Why Go Sometimes Fails
I've been using Go since v0.7, at numerous companies. Go is a huge success! Go mostly works as advertised which is refreshing and reassuring. Specifically:
- Go isn't weird. People understand Go. People understand very well written Go. People understand too-clever Go. People understand junk Go.
- Go delivers. Go is pretty fast. Go is pretty good about memory. Go code doesn't blow up with a segfault because you've done something no one else has ever done.
- Go is popular. This matters because popularity delivers community, tools support, a good job pool, and an easy sell into new teams.
I also see Go projects failing. I've found two underlying reasons that seem to manifest again and again:
1. Expectations of Magic from Go's GC
For most small and mid-sized projects, Go's GC is indeed magical. In many trivial cases, Go's GC keeps memory use quite low while not imposing a performance penalty. Most importantly, Go's GC delivers without imposing stylistic limits on how people code with it.
That said, Go's GC seems to be so good in trivial cases that developers stop thinking about memory entirely. Most developers do not perform suitable load tests at useful duration, so instances of resource exhaustion only manifest in production. This is not a failure of Go's GC, which is doing exactly what is advertised - releasing memory when references to it in code have left scope. But, if you are a lazy developer who likes to write long-running giant programs with lots of state, then Go's GC can't help you!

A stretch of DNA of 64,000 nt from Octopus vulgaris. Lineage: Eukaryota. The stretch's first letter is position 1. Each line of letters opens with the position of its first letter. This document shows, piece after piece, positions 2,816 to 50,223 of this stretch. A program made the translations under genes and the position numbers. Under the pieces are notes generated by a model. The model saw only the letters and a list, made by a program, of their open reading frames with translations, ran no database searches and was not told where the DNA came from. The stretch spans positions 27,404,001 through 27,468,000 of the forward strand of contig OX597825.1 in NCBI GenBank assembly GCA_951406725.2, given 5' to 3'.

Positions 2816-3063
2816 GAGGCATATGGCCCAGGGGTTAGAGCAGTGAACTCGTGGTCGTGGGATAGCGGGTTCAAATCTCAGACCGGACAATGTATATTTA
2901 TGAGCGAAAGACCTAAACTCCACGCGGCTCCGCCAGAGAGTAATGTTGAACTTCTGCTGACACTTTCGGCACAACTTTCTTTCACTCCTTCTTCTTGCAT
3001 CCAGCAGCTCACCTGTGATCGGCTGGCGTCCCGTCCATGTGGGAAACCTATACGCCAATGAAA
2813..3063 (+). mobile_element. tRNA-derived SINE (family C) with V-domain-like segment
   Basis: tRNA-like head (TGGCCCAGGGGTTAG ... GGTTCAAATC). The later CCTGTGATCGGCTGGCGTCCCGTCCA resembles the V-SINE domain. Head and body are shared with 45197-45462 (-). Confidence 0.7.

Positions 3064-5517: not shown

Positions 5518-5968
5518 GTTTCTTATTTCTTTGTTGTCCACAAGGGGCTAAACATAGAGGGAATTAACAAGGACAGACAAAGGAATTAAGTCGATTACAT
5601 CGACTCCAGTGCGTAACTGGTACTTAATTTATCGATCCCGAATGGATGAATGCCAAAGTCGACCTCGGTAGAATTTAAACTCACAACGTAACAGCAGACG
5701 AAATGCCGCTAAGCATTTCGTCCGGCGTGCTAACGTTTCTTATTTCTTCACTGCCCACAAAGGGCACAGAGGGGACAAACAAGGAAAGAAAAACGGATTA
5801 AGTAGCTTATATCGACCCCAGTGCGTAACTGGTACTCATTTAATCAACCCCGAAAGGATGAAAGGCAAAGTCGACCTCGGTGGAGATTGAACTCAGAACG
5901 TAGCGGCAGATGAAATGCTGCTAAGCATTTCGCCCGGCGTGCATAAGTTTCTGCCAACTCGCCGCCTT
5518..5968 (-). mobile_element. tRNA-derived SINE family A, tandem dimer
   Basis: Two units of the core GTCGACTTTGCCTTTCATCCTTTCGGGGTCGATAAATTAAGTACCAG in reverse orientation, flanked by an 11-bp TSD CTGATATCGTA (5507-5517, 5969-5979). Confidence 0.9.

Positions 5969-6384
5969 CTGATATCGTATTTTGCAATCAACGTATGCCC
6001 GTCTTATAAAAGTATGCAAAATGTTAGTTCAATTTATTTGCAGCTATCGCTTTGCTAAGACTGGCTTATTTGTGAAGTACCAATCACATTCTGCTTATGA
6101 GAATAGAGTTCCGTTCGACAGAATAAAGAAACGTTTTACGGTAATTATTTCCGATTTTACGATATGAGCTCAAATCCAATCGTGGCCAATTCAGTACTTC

A typical response to memory issues is to fire up pprof and stare at the pretty diagrams it makes. Using a profiler is supposed to be something good developers do...but pprof isn't intended to debug your design. If you design a program to use a lot of memory, it will! Mostly, I find people using pprof are just wasting time and delaying the inevitable refactoring of overly-complex code.
2. The Irrational Need To Use All Concurrency Features
Programmers like to flex. A prevailing theme with Go developers is the need to demonstrate aptitude to one's peers by writing Go code that employs concurrency features pointlessly. Unfortunately, this means that any sufficiently large Go program will end up resembling a poorly specified, cooperatively scheduled operating system.
This is a variation on a recurring theme in software development: it is the intermediate developer who has the greatest potential for harm. Junior developers don't over-complicate things because they don't know how to. Senior developers understand that making code complex just to beat your chest is not beneficial. It is the intermediate developer who will make sure every Go concurrency feature is put to use, relevant or not!
I highlight concurrency features here apart from any other advanced feature an intermediate developer may misuse because the types of bugs that result from concurrent code are especially awful; concurrency bugs can be difficult to reproduce and concurrency can dramatically amplify resource exhaustion issues. Furthermore, many developers misusing concurrency features fail to understand that in many cases, core libraries are already safely providing for concurrent use and don't require another layer of abstractions in project code.
The good news here is that senior Go developers can continue to make good money "rescuing" troubled Go projects by removing pointless concurrency!
last update 2022-12-05